history feature
By Lauren Wong

Jerome isn’t what you’d expect to see at your typical ghost town. In fact, despite its historic struggles, it still houses a lively community of about 450 residents.

Its extremely narrow streets, and quaint little downtown area was surprisingly busy when I visited Jerome. If I was just driving through the area, I wouldn’t expect it to be considered a “ghost town.” Without knowing, it would have been a little hidden gem I would’ve otherwise missed.

Paying homage to its history, there’s many landmarks that have been preserved throughout the city. To fully understand the city’s story, you’ve got to go back to 700 AD when the Hohokam people inhabited what is present day Jerome.

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A Timeline:

From 700 AD to 1125 AD the Hohokam people farmed in Verde Valley. As time went on, other Native American tribes made their way to this area and began working the ore body on the hills. This allowed them to collect pigments to use for coloring their bodies, blankets, clothes, etc. 

The late 16th century brought Spanish explorers to the area, but they didn’t stay for long. On their quest to find gold, they began to mine the area until deciding it wasn’t good enough and moved on. It wasn’t until 1875 that the first mining claim and mill site were discovered. The first two sites were named Cleopatra Hill and Woodchute Mountain.

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The United Verde Copper Company later bought out the claims, naming the camp Jerome for Eugene Jerome (a financier of the company). The copper was only produced during 1883 and 1884, closing in 1887. The small blast furnace that was originally brought in by wagon to the sites ended up producing about $1 million in copper. A year after closing, William Clark bought most of the stock and started bringing in money and business. If you visit Jerome today, you can still see the copper on display.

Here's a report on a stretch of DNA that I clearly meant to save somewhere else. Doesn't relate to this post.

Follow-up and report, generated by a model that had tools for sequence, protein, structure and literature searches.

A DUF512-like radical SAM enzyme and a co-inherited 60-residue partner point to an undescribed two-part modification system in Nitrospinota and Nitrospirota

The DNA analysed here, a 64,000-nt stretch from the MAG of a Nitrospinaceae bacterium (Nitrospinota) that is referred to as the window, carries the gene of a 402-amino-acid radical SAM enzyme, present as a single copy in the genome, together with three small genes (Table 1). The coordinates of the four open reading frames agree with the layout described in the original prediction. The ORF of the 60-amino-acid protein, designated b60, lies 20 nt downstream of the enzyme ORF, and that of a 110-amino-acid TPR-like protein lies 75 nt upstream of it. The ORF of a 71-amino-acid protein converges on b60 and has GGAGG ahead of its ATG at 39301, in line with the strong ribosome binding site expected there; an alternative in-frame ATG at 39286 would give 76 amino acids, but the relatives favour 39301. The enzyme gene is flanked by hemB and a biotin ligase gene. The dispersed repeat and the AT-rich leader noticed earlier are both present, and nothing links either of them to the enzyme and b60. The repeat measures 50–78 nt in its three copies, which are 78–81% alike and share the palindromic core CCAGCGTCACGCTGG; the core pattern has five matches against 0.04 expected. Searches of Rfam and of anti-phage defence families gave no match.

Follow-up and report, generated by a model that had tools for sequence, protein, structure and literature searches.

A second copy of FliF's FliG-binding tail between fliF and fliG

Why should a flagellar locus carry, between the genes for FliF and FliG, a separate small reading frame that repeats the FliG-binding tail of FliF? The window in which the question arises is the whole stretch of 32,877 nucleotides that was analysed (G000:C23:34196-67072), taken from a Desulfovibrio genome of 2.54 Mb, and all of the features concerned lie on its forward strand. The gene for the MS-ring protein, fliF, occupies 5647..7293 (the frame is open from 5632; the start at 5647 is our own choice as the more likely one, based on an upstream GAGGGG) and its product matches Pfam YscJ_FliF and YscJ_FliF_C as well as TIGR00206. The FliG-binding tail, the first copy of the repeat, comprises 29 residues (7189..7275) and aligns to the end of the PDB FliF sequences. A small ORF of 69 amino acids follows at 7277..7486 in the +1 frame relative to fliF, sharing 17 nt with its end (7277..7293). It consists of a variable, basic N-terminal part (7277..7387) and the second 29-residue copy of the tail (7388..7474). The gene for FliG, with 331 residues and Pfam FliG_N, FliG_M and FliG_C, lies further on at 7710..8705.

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It was during this time that Jerome was booming. As mining operations grew, Jerome housed 15,000 residents, all with different backgrounds. It’s said that there were over 30 different nationalities that made up the town’s population. 

The city’s success began its downfall in the 19th century as fires destroyed many buildings. With the metals diminishing and the onset of the Great Depression, the town became hopeless. By the late 1950s the population had dropped from 15,000 to under 100 residents.

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Remaining buildings were scavenged for materials and laid dormant until some residents came together in hopes to preserve the town and formed the Historical Society. They’ve protected what is still standing today; a city rich in history, arts, and an inviting sense of community.

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